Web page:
It is very large in size (one of the largest European countries, after Russia and France) but its army, not popular at all, after ruling the country in successive coups for most of the last two centuries, is quite small however: 50,000 army troops (half of them officers) and other 50,000 military police, plus some navy (one aircraft carrier, 11 frigates, 18 patrol ships) and air force (138 combat airplanes). It used to be much larger in times of Franco and up to the mid-90s, with up to 300,000 forced recruitment soldiers, but we made sure they would not be able to count on us anymore by a long and very successful campaign of civil disobedience.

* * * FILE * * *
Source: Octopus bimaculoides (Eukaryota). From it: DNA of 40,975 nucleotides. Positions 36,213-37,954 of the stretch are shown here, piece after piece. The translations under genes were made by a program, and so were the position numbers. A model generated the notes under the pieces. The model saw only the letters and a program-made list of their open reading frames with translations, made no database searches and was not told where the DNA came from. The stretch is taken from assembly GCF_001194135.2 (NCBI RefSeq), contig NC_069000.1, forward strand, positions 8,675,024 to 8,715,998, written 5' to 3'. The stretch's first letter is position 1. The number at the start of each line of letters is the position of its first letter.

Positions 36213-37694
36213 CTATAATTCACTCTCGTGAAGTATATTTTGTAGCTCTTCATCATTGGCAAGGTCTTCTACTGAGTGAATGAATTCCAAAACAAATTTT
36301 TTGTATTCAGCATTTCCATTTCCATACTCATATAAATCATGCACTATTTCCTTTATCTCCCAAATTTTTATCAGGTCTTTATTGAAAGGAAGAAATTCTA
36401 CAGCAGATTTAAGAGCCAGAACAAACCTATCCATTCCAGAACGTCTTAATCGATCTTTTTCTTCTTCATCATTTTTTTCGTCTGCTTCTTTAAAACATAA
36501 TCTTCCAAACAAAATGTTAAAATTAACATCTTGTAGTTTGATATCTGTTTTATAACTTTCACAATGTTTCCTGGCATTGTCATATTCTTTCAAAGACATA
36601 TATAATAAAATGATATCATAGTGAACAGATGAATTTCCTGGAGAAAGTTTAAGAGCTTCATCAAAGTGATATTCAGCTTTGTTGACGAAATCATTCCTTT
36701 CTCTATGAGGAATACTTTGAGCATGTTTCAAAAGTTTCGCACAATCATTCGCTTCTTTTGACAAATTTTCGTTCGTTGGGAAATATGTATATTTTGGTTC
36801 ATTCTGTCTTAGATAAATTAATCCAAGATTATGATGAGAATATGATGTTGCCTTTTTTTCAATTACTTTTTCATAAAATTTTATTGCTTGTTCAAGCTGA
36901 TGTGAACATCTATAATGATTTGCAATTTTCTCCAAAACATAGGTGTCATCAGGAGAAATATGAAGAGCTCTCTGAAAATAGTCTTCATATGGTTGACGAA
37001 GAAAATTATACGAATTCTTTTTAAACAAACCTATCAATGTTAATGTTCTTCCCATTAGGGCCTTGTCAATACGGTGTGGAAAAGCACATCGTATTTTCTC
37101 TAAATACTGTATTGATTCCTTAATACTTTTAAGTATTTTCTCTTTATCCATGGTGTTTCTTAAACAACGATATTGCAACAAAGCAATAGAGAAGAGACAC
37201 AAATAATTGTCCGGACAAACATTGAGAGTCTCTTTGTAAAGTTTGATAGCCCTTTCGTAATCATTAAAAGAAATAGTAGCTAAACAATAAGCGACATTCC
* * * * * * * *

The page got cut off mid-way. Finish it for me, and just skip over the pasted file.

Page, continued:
So how is post-military Spain going to be able to impose itself and the Troika against millions of people (more than five million, most of them young, have voted to Podemos and their allies; the pro-independence demonstrations in Catalonia have gathered sometimes almost two million people). Are 25,000 soldiers enough? It depends on how brutal they are willing to go, I guess, but the more brutal they are the less legitimacy they will have left, both inside and abroad.
So, while it is conceivable that they can occupy Catalonia (just as Serbia did with Kosova for more than a decade -- but with a much larger army, total control of the media and widespread use of state terrorism, all of which are not available for the Spanish case), they are only bringing themselves to a cul-de-sac which they cannot control. Much more likely is that Catalonia effectively establishes its effective independence, maybe with some difficulty at first, and remains unrecognized like Somaliland for some time (too important to be ignored forever).